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To the Reader.

The writer of the following pages was born October 12, 1759: was educated at Harrow School: became a member of Clare-hall in Cambridge January 1775: and was elected a Fellow of that so

In 1782 he received the degree of Master of Arts: and vacated his Fellowship by marriage in 1786. In 1788 he became a resident minister of the parishes of Mileham and a 3

Frans

ciety in 1779.

Fransham in Norfolk; v tuation he changed in the adjoining parish of and Lexham. He died 31st 1795, after a short i the 38th year of his age

It may be imagined, p many, that a life, of wh was the outline, must h as useless and insipid, short and retired. Not su ever, will be the judg those whom experience vation may have taug justly to appreciate the of an exemplary paris Such will be aware, that

tute that character, there must be an union of learning and modesty; of spirit and of patience; that a marked detestation of vice must be made consistent with unabated charity for the offender; that the conduct of the man must never be at variance with the

precepts of the preacher; that reproof must be tempered with gentleness; faith be made manifest by works; and zeal be directed by knowledge.

Whoever, indeed, can estimate the advantages which result to society from the exertions of a man at once sufficiently dignified and

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conciliating to reprove, rebuke “ and exhort with all long-suffer “ing and doctrine;" who ca win over the rich to temperanc and charity; and the poor to ho nest industry and contentment above all, whoever reflects on th blessedness of turning but on sinner from the error of his way unto righteousness,willadmit, tha when the conscientious discharg. of such duties is chosen by an one as the basis on which to build his character, his labours (albei hidden in the deepest retirement are still directed to an end no unworthy the commendation o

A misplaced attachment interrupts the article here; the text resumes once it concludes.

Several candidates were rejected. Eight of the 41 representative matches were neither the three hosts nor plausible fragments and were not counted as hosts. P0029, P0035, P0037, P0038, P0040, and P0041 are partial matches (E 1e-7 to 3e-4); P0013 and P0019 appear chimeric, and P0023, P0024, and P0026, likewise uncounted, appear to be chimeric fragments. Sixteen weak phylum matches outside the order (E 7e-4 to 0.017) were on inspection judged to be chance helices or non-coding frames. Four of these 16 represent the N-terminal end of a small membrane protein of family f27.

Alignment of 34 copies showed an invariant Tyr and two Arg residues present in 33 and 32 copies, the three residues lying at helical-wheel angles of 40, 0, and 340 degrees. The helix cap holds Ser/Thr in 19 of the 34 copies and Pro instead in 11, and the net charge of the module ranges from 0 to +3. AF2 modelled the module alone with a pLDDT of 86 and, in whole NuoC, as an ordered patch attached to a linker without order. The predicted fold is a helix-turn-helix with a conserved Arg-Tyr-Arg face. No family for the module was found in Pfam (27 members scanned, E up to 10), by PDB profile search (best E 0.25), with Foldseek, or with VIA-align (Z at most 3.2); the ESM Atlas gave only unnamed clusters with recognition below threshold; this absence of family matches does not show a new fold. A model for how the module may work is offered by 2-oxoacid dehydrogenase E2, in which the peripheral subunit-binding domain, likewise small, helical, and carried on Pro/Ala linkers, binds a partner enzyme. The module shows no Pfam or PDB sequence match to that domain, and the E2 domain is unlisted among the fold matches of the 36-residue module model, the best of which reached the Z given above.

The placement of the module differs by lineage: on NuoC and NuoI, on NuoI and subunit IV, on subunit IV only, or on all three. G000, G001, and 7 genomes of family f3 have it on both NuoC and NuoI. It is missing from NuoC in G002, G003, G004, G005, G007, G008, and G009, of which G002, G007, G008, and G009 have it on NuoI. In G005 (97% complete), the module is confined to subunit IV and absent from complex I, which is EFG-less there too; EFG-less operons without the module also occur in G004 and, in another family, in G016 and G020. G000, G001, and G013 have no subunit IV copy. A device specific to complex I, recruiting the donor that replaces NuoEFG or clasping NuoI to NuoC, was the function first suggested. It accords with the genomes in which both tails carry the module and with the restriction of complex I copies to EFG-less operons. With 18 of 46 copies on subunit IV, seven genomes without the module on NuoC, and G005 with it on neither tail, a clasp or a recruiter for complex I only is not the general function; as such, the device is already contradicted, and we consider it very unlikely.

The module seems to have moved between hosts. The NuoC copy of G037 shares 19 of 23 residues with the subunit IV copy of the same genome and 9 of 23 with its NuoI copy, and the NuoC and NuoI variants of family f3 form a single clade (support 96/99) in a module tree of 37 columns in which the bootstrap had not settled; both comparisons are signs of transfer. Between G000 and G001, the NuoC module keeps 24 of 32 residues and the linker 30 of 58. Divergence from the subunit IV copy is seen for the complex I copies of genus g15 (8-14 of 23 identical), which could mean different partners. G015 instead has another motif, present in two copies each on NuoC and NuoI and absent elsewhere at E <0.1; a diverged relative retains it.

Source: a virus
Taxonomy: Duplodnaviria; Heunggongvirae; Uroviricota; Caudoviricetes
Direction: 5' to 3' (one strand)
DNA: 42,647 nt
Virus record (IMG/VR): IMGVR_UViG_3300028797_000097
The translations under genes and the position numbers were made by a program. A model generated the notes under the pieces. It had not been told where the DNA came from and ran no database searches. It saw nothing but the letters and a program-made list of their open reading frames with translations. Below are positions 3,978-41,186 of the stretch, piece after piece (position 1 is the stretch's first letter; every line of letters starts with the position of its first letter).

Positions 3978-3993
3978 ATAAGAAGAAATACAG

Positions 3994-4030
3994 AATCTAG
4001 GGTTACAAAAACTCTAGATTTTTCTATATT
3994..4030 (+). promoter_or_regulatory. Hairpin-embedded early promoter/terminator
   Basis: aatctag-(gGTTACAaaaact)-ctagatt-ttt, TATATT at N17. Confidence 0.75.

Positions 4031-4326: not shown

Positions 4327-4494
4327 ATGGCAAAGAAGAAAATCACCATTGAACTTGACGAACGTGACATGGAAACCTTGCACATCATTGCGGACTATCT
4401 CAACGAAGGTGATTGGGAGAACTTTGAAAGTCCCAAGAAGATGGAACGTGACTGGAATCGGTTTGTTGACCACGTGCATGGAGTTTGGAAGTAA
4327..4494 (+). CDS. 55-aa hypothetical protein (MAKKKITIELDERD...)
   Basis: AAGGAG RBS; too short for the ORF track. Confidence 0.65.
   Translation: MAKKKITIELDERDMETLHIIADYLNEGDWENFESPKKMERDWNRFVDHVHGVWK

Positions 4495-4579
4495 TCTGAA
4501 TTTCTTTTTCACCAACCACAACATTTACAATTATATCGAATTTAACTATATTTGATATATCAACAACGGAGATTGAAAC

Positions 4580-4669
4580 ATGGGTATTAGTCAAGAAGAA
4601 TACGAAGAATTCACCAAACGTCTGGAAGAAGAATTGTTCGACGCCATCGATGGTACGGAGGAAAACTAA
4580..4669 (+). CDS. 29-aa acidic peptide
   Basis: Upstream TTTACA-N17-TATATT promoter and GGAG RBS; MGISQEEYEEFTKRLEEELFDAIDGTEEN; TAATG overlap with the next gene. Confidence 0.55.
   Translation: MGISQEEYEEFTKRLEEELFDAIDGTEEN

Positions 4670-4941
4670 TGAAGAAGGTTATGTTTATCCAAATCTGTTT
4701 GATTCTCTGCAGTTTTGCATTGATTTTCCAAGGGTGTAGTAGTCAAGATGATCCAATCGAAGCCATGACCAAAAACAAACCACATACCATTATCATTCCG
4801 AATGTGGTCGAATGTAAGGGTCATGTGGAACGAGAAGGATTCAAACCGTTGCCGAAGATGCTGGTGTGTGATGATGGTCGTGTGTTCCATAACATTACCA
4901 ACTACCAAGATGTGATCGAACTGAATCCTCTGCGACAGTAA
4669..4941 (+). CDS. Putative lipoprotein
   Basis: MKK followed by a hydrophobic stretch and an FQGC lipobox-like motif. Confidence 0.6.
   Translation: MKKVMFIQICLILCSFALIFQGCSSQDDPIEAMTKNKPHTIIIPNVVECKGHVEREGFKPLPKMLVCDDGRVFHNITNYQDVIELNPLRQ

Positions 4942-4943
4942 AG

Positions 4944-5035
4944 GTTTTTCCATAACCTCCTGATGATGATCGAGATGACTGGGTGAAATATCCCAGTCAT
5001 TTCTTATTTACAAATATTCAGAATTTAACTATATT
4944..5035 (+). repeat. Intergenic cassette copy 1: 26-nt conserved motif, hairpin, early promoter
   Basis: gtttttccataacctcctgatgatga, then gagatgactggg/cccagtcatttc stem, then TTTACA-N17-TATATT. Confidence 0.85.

th

the wisest men, or the gratitude of the best.

The following discourses constitute the principle labours of their author in his ministry. The. species of merit, on which their editor founds his hope of their being well received by the public, is their plainness : and it was with a reference to this quality that he has intimated in the title page the auditors to whom they were delivered. The reader is requested to carry this in his recollection while he peruses them : because it accounts for, and gives a value to, their great simplicity

of

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